Coronavirus: Singapore-Malaysia land VTL

'I'm going to hug my mum tightly when I see her'

Tonight, Mr Gold Poovan Devasagayam will finally get to hug his mother, whom he last saw nearly two years ago before he left for France.

Little did the 43-year-old Singaporean know that when he left his mother, 74, at her home in Kuala Lumpur to fly to Paris to study French in February last year, Covid-19 would force them apart for 21 months.

His course was disrupted due to lockdowns and he returned to Singapore in March this year to continue his studies online. But he could not visit Malaysia as it had shut its borders to foreign travellers.

This evening, however, the freelance marketing trainer will finally board a Scoot flight to Kuala Lumpur International Airport and see his mother a few hours later.

"She was very, very happy to hear that I am finally going back," Mr Devasagayam told The Straits Times. "She said she will cook for me every day, I haven't had her food for so long."

He will also get to see his sister, nephews and nieces, whom he visited on a monthly basis before the pandemic.

Mr Devasagayam is among the thousands of Malaysians and Singaporeans in the Republic who will finally reunite with their families because of the quarantine-free Vaccinated Travel Lane (VTL) schemes for air and land, which started yesterday.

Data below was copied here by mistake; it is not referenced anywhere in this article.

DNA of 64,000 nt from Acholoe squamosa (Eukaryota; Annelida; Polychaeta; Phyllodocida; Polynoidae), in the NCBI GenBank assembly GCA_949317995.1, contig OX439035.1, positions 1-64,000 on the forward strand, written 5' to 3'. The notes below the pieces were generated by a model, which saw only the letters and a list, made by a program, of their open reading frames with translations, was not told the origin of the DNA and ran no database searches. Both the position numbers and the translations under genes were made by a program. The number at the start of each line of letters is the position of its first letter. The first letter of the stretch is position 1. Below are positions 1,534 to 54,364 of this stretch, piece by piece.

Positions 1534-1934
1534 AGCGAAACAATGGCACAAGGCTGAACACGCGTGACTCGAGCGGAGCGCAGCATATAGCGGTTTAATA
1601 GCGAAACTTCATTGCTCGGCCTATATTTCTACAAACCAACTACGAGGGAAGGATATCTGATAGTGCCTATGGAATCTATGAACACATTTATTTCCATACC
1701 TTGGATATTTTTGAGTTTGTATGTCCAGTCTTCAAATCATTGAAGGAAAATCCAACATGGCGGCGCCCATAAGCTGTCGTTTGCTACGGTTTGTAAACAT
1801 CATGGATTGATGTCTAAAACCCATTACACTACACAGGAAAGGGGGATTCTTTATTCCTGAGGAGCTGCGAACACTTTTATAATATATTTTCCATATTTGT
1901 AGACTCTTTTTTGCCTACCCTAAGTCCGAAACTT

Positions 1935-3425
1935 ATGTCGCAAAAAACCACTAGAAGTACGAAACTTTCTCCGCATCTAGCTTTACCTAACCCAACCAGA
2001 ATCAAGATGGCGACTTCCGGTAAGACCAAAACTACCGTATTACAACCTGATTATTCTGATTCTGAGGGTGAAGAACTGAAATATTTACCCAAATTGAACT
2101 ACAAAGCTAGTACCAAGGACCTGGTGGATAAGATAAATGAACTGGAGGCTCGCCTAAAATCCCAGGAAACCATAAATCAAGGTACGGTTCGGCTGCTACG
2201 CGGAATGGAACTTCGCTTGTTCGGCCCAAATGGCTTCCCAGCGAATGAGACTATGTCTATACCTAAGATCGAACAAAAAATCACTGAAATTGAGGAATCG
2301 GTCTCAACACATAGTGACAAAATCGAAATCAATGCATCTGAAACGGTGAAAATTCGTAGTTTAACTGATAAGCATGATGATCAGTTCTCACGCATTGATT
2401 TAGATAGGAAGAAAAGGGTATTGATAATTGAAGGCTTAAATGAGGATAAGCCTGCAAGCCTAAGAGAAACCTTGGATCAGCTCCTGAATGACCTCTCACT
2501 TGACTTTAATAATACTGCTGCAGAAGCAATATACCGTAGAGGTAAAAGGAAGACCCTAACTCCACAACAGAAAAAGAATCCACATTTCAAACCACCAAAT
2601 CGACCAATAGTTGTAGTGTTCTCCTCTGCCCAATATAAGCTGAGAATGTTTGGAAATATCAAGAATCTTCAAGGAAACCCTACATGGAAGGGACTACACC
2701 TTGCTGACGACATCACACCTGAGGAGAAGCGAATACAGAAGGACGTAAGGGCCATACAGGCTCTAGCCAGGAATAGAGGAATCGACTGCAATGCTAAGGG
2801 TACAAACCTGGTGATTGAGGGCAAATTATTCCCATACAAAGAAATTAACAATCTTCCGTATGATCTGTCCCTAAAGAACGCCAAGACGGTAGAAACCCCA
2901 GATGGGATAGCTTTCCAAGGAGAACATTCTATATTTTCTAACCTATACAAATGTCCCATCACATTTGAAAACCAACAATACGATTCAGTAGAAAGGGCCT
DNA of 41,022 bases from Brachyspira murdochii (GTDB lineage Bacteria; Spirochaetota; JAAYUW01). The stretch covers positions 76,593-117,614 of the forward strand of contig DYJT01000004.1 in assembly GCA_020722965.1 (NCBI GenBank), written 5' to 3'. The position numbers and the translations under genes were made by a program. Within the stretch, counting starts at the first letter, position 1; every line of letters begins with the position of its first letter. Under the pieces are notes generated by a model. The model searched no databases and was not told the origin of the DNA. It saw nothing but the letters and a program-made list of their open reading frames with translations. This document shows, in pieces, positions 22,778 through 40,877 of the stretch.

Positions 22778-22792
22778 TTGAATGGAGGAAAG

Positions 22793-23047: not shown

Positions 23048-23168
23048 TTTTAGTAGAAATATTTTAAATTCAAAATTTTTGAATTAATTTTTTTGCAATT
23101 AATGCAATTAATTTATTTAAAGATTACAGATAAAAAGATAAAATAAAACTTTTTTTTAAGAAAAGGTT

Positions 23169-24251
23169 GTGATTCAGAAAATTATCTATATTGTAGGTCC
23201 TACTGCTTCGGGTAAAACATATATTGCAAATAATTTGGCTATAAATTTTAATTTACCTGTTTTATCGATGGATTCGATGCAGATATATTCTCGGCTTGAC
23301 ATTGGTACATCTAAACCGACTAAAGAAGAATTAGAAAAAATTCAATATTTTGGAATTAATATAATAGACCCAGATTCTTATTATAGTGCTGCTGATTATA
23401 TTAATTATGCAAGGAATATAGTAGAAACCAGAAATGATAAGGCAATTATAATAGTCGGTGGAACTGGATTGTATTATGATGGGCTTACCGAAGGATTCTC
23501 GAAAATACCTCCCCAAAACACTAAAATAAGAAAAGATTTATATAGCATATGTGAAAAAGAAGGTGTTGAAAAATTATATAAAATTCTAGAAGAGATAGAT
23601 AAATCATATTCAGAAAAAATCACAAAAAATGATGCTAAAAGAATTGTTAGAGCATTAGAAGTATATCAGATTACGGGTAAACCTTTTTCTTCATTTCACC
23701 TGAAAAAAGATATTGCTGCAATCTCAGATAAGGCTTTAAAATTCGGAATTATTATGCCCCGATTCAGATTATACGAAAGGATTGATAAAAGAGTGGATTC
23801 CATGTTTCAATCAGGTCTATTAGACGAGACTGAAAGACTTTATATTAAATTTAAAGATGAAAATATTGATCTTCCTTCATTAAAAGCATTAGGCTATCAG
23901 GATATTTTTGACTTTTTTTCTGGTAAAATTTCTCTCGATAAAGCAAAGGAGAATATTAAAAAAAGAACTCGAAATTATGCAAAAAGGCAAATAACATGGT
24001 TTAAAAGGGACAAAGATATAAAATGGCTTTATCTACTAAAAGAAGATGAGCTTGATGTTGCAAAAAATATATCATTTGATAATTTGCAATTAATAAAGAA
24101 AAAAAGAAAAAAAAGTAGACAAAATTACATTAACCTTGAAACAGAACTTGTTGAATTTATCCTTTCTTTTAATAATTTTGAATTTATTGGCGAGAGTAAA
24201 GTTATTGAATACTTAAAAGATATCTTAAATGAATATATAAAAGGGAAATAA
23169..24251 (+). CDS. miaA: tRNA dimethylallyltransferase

Pre-Covid-19, Singapore-Kuala Lumpur was the busiest international air route in the world, with about 40 flights daily and an average of 7,000 arrivals a day at Changi Airport.

The Woodlands Causeway was one of the world's busiest border crossings before the pandemic. Including the Tuas Second Link, the two crossings saw about 415,000 travellers daily.

Mr Devasagayam, who is not married and is close to his mother, Madam Pathmavary Valunmailum, has missed important family events, including the death of a close family member.

"That was tough. My mother was devastated and I was sad because I couldn't be with her to support her through it all, while managing (funeral) logistics remotely and dealing with my own challenges," he said.

Mr Devasagayam plans to be in Malaysia for more than a month.

"I've been counting down the days after getting the VTL flight. I am going to hug my mum tightly and cry when I see her."

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A version of this article appeared in the print edition of The Straits Times on November 30, 2021, with the headline 'I'm going to hug my mum tightly when I see her'. Subscribe